Barrhead Travel, Midcounties Co-operative, Hays Travel, Millington Travel, Polka Dot Travel and Miles Morgan Travel are understood to be among the retailers to have lodged bids with the liquidators of Thomas Cook for its former stores.
But there is widespread frustration that the process to acquire the leases on the branches is taking so long.
Travel Leaders Group-owned Barrhead and Hays Travel are understood to have submitted bids for a significant proportion of the failed network, while Midcounties has applied for 73, and the smaller miniples a handful each in their geographical locations.
Jacqueline Dobson, president of Barrhead Travel, confirmed that Cook’s demise had “increased the opportunity for and urgency of our expansion plans”.
She said: “Barrhead Travel sees great potential for significant expansion throughout the UK. Since our acquisition by Travel Leaders Group, Barrhead has been carefully reviewing expansion plans. The Thomas Cook closure increased the opportunity for and urgency of our expansion.
“We are eager to recruit the highly talented professionals who were previously employed by Thomas Cook and anticipate having openings throughout the UK.”
Travel Leaders chairman Mike Batt added: “I can confirm that we are absolutely interested in the Thomas Cook stores. We think that the great majority are very good and we think that the staff are outstanding.
“Honestly, the sooner the staff go back to work and start to serve their customers again, the better it is for everyone. We support agents and so even if it’s not Travel Leaders, someone needs to secure them – and soon.”
Speaking at the Travel Convention in Tokyo, Alistair Rowland, chief retail officer, specialist business at the Midcounties Co-operative, confirmed he was after about 52 Thomas Cook stores and had put in a bid for 73.
“The ones I have applied for are located between north of London and south of Manchester,” he said.
“There are at least three bids for every shop – certainly the ones that we are going for. Final bids had to be in on Monday. The important thing is to not split these teams up as it’s the people in each branch, and their relationships with their customers, which is so valuable.”
However, Rowland added: “There is a frustration that the process is taking too long when we want to get teams back into their shops. And the longer that it isn’t completed, the more disparate the teams will become because they will start to get other jobs. The administrators should conclude to allow this process to complete.”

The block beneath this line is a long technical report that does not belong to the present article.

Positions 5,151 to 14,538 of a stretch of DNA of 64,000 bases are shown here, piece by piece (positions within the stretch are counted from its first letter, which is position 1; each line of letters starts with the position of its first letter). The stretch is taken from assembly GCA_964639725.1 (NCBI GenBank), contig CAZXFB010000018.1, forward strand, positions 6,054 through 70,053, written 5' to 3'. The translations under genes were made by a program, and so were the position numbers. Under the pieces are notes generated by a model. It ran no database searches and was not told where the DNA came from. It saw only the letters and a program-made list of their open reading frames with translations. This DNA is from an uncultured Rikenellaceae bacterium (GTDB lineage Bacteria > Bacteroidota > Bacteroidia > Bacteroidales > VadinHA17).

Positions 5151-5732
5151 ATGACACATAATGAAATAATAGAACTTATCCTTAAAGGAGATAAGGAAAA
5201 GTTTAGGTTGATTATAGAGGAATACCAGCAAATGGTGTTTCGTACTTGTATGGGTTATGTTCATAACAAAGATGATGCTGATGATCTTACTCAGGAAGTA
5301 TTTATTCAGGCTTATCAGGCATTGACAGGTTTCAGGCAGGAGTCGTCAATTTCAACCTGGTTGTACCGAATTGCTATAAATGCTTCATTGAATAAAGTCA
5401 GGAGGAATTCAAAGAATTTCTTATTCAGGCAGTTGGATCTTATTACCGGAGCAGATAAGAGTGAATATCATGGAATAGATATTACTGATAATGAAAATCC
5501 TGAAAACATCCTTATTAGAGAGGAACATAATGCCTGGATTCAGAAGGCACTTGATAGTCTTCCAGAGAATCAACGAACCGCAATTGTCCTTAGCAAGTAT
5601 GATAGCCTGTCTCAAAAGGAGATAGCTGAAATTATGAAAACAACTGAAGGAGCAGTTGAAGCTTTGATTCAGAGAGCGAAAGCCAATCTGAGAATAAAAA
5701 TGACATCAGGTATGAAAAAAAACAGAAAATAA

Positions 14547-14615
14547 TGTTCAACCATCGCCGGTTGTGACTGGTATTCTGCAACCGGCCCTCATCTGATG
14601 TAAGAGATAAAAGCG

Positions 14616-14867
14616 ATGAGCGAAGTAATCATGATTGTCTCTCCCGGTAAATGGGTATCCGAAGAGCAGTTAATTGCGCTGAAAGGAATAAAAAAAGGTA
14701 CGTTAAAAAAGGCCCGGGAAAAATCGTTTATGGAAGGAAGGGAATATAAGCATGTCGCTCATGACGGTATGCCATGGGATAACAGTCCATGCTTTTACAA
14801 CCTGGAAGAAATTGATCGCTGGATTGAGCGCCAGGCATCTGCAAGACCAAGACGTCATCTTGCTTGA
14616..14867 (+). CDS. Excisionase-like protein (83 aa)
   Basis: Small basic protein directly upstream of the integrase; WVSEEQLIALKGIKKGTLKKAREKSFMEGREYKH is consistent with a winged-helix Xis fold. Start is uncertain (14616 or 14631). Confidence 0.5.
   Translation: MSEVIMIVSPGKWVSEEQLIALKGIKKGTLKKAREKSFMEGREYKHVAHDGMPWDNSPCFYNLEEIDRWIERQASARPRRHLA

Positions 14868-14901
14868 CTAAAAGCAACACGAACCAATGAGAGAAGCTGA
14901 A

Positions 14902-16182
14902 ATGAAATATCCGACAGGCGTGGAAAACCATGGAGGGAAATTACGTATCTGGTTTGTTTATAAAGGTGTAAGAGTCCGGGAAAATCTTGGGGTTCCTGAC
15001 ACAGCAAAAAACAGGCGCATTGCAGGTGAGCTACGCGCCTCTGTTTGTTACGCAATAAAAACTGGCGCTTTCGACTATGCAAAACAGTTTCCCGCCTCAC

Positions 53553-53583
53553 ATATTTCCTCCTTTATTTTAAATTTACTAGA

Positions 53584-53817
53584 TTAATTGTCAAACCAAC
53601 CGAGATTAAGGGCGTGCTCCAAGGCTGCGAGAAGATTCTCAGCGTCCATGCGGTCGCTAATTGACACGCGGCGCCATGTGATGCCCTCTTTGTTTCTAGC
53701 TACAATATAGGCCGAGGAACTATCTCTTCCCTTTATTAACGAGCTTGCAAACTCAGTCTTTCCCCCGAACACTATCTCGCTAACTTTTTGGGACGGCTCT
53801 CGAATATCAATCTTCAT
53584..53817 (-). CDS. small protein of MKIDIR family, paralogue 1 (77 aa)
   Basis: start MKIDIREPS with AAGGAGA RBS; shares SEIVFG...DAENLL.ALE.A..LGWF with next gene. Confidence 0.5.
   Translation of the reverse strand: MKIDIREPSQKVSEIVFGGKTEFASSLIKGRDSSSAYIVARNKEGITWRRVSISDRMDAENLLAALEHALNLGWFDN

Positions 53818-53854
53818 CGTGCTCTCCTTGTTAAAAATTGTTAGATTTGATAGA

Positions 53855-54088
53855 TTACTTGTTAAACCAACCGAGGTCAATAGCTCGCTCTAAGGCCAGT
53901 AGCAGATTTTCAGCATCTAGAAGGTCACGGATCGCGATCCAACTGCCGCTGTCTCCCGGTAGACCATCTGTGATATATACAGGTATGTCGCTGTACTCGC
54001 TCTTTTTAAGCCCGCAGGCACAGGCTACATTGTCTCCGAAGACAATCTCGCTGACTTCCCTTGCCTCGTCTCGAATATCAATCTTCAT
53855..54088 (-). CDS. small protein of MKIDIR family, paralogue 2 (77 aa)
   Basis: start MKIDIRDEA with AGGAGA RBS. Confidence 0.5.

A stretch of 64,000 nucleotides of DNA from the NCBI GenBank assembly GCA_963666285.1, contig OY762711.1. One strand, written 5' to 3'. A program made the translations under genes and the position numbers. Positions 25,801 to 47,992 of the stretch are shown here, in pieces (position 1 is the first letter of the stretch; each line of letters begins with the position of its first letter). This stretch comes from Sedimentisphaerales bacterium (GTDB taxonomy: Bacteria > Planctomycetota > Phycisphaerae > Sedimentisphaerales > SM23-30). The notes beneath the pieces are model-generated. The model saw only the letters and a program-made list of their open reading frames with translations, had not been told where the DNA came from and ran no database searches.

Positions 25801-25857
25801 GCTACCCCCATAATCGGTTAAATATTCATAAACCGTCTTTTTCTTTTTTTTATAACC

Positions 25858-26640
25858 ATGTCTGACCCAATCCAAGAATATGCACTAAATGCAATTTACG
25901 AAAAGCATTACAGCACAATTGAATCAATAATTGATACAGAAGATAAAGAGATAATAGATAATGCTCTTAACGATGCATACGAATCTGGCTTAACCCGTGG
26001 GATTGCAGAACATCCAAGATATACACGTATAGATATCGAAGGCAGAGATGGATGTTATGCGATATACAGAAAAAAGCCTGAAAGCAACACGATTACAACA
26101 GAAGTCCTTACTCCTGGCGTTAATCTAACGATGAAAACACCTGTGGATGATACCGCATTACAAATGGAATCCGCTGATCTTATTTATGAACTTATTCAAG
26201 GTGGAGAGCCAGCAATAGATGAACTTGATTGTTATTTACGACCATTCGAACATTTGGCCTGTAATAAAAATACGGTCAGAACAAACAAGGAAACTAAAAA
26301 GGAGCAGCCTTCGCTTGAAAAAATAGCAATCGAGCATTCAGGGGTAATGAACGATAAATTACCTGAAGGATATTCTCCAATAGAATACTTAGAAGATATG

Another bidder, who asked not to be named, said: “You have to ask why the administrators are taking so long. Maybe they have someone who wants to take all 500-plus stores and pay the premium for them, but if they don’t…every day that these stores are closed, then they are jeopardising the future of the staff.”
“It all depends on who is prepared to pay,” the source continued. “It sounds easy to take over a lot of stores, but we’re not talking about an inconsiderable amount of money. If the average lease is three to five years, and the average rent the administrator is asking for is £40,000 a store, that’s already more than £120,000 per store that you’re committing to. Times that by 10, by 20, by 100, by 500, just in lease commitments, that’s a huge amount of money.”
And the bidder added: “Then you have bonds, Atol and everything else…there’s not going to be too many companies that can take on that number of shops. You also have to take into account that just because you pay the bounty, it doesn’t mean you definitely get the store as the landlord may not agree to surrender the lease to the administrator’s client. So there’s risk in there too.
“We are waiting patiently. If the administrators find someone to pay the price they are asking, then fair play. Their job is to get as much money for the creditors as they can. So, if they secure the deal they want then hats off to them…but if at the end of this process they don’t, then it will be fair enough to ask them why they jeopardised so many jobs.”
Barrhead’s Dobson added: “We are enormously optimistic about the future of the high street shop and its pivotal role in the planning journeys for UK holidaymakers for many years to come.”
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